A crowd of more than 50 people gathered by a road junction outside St Andrew’s Church on Southbridge Road over the course of Sunday morning, lured by the prospect of hot sausage rolls and the chance to view some historic vehicles close to hand.
The community gathering – promoted by Inside Croydon – was attended by councillors and council candidates, as well as neighbours young and old, some getting together for the first time since last year’s lockdowns, as hundreds of old cars pootled through the neighbourhood in the 125th anniversary London to Brighton Veteran Car Run.
There taking the pictures was LEE TOWNSEND
Nearly 300 pioneering veteran cars had set off from Hyde Park at daybreak on an unseasonably mild November morning for the RM Sotheby’s London to Brighton Veteran Car Run.
It’s now 125 years since the original Emancipation Run, which was held in 1896 to celebrate the recently passed Locomotives on Highways Act. This raised the speed limit for “light locomotives” from 4mph to 14mph and abolished the need for a man to walk ahead waving a red flag.
Many of the vehicles on display were made when Victoria was still Empress Queen, so it perhaps was not such a surprise that a couple of the pre-1905 vehicles had to pull over on Southbridge Road to carry out some running repairs.
The oldest vehicles had started the run first, phutting and hissing their way through Wellington Arch, down Constitution Hill, past Buckingham Palace, Admiralty Arch and Whitehall into Parliament Square.
Here the 60-mile route split into two, in an effort by the organisers to alleviate traffic congestion in south London.
Half of the plucky participants followed the traditional A23 route past Big Ben and over Westminster Bridge via Kennington, Brixton and Streatham Common; the other half journeyed via Lambeth Bridge and then through Vauxhall, Clapham Common and Tooting.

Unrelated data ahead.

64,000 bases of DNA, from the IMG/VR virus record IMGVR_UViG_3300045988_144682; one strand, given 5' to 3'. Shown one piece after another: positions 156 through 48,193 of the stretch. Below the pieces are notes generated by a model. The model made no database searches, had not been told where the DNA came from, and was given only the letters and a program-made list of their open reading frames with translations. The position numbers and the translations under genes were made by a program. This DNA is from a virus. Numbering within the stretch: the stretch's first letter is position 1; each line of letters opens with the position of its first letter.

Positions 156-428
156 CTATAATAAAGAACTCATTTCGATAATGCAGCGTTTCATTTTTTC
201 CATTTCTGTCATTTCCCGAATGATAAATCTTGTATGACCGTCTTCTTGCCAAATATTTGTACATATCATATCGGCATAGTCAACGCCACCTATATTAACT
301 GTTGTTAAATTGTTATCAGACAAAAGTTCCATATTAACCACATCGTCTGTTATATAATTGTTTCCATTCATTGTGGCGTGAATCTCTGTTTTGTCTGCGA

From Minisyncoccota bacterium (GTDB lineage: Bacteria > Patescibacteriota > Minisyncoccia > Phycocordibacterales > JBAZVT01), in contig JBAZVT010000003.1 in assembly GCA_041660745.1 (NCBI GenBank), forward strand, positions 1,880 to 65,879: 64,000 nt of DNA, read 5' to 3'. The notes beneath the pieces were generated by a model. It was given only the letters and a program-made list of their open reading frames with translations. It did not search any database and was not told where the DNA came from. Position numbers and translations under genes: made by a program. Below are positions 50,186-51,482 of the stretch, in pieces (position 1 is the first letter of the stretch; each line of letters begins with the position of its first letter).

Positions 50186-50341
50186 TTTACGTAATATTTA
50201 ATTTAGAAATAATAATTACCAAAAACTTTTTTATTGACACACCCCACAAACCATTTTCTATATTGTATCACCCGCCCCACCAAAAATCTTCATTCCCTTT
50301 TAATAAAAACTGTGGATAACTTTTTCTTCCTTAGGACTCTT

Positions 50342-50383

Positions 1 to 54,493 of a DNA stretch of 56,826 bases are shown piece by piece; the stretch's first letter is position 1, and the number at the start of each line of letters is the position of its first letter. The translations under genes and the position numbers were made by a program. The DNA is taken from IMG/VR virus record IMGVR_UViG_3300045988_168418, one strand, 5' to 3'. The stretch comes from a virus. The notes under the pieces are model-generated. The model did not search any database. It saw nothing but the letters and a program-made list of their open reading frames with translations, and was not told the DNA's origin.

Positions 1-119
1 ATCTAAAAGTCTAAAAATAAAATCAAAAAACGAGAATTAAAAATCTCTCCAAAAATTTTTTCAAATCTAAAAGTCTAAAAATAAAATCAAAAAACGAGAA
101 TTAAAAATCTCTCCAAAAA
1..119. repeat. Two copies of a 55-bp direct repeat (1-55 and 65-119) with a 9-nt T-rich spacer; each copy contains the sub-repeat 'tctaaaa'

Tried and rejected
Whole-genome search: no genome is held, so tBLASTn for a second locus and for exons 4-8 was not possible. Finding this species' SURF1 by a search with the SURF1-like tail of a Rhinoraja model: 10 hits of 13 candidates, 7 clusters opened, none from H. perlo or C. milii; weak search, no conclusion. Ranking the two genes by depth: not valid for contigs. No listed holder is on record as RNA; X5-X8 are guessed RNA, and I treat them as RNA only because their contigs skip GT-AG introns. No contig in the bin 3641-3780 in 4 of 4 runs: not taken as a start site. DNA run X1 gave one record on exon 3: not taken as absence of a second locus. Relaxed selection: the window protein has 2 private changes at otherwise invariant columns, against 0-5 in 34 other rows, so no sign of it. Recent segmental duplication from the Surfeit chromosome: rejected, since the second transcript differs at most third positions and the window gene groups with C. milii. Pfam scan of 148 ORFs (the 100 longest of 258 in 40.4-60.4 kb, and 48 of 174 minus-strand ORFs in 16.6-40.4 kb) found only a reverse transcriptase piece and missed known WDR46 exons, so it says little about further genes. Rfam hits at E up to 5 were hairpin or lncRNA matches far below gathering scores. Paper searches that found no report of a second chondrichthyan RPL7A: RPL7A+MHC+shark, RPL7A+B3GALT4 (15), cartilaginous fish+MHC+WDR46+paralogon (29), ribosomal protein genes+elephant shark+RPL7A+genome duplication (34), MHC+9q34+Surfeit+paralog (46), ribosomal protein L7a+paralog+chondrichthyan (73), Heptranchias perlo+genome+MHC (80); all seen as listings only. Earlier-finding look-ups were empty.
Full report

The routes merged on the A236 just outside Croydon, the cavalcade reunited as it headed towards the challenges of the climbs up to the South Downs and on to the seafront in Brighton in what is the world’s longest-running motoring event.
There were a couple of non-motorised participants, too, intrepid cyclists in costume pedalling their way on penny-farthing bicycles from the era, heading for Madeira Drive on the south coast.
Not every driver or navigator was clear on the route to take, it is fair to say.
At least one of the old cars was seen circling around the three-lane roundabout under the Croydon Flyover after they missed their exit. Others shouted out for directions from the crowd.
And the modern convention of waiting for pedestrians to cross at a zebra crossing was not always popular with some of the drivers of the old cars, as their breaks squealed into action on Southbridge Road: getting these old cars started again once stopped is not always straightforward. Fortunately, there were no collisions…
It was not only the infernal combustion engine on display. Among the starters was the Salvesen Steam Car – basically, a steam locomotive running on the road complete with stoker shovelling coal into the boiler’s fiery furnace plus an evocative choo-choo steam whistle.
There were also a number of primitive motorised tricycles complete with riders and passengers sporting period costumes.
Some among the crowd remembered how they had been brought out on frosty Sunday mornings in the past to see the parade of “old bangers” by their grandparents.
Others remarked how they had not been able to attend a gathering such as this for nearly two years, since the first of the covid-19 lockdowns at the start of 2020. There really was a feel-good, community spirit about the day.